Pone: No, and residents were not asked to make sacrifices. In fact, township services have never been better. 100 roads have been paved since 2008. The sewer system is aggressively being upgraded, and all events are taking place without taxpayer money.
Santo: Austerity measures do affect quality of life. I have heard numerous complaints of poorly maintained roads, neglected vacant properties and diminishment of services to the community. We must thoroughly review our allocation of resources to maximize the services we provide for our citizens.
McCoy: As Mercer County as a whole was growing economically, the current council’s preoccupation with the corruption of Mayor Bencivengo’s administration was the driving factor behind the economic stagnation and a decline in the quality of government services in Hamilton.
Schirmer: What residents have received under this administration have been stable tax rate, decreased spending and an increase in economic development. We are investing in our infrastructure and continuing to move forward in a financially responsible manner.
In this year’s budget, 17 government positions were eliminated. Spending was cut by $1.2 million and is now at a level lower than it was in 2011. The cuts allowed for a budget with no tax increase. Will Hamilton ever be at a point where belt-tightening is not necessary. Explain.
Gore: The 17 fewer positions came about solely through attrition. Thanks to good management, it is the Hamilton government who is belt-tightening, not the taxpayers. Since the government only gets its money from the taxpayer it the government should be on a chronic permanent belt-tightening mode.
Keelan: Spending is nearly $20 million more than it was 6 years ago. A forensic audit will determine if we need a budget that spends almost $100 million per year and has put us $90 million into debt.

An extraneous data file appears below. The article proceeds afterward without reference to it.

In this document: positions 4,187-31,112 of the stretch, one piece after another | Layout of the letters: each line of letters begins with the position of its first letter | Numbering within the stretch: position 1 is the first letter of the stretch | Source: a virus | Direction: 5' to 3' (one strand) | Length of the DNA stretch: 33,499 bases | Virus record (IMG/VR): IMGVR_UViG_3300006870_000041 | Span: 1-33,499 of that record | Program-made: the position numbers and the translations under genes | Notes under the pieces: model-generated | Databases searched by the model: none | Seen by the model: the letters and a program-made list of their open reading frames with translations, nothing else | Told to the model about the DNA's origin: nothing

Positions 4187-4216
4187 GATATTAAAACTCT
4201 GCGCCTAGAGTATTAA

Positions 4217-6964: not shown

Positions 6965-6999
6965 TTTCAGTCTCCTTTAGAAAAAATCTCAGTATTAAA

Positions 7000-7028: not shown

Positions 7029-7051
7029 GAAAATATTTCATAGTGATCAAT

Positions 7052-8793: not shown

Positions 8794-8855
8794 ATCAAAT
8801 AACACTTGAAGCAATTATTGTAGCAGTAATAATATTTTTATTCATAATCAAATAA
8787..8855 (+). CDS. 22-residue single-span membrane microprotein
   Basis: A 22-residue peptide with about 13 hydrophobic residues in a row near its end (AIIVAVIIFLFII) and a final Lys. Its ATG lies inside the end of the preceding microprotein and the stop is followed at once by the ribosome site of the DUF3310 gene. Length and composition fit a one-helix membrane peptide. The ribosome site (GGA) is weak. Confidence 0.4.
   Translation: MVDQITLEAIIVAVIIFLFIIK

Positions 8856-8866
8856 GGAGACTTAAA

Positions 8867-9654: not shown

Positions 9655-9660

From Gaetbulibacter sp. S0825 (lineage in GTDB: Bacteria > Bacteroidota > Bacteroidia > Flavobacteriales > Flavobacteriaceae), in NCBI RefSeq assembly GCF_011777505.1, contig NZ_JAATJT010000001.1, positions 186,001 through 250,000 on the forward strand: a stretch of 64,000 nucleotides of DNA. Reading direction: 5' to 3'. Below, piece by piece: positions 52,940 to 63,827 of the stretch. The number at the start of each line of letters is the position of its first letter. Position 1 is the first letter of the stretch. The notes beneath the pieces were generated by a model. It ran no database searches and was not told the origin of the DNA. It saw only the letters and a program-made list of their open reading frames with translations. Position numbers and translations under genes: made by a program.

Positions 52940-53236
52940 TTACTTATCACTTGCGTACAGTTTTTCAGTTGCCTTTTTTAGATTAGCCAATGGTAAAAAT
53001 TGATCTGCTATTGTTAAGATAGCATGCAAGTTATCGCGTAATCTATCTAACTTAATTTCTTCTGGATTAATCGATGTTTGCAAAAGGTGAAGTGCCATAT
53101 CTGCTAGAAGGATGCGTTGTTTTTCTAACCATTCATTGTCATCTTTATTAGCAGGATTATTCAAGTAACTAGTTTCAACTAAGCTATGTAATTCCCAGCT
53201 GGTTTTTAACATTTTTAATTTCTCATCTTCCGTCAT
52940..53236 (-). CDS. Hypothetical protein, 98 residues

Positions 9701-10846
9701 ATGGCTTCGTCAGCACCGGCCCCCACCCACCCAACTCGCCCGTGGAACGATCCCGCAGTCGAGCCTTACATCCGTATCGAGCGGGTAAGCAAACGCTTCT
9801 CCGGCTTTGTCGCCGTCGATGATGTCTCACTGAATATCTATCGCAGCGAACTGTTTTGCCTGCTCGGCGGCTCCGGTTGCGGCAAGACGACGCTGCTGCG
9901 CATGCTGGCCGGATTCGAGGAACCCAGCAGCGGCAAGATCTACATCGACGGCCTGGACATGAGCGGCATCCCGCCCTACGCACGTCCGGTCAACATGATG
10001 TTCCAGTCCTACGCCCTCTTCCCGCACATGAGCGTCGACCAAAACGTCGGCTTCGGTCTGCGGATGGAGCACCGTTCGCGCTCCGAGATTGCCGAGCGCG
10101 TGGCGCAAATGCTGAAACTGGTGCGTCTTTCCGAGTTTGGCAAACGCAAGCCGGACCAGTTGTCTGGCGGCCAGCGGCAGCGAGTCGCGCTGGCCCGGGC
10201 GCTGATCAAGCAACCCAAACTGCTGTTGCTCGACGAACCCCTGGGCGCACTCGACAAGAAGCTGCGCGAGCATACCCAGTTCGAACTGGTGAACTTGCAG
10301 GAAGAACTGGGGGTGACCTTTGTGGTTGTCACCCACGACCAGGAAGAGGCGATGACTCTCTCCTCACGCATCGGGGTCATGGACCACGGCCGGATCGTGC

Kenny: I will always work to minimize the cost of government to Hamilton taxpayers. We have been able to eliminate positions through attrition, recognizing that many of those positions were no longer necessary, and employing technology and better equipment to provide services more efficiently. The savings have been passed to taxpayers.
Melker: In my business life, I face this challenge daily. It is very difficult to bring in the increasing revenues that are needed in order to face the ever-rising cost of living expenses. We must run the township like a business.
Pone: Government should always keep its belt tight. When someone retires, we evaluate whether or not the job is essential, or can be shared. Everyone benefits from the resulting smaller, more efficient and less costly government.
Santo: The current plan revolves around one-shot deals and budgetary gimmicks. We need to develop a sound business plan to broaden our tax base and provide good jobs and wages for our labor force. We cannot thrive without aggressively making revitalization a top priority.
McCoy: Members of the current council would like us to forget that they voted for the largest tax increase in the townships history in 2008. It isn’t austerity that is causing the decline in municipal services, it’s failed leadership.
Schirmer: Positions were eliminated through attrition. We will continue to make financially responsible decisions for our residents. Residents don’t want promises; they want to know that those they elect are financially responsible and know what they are doing.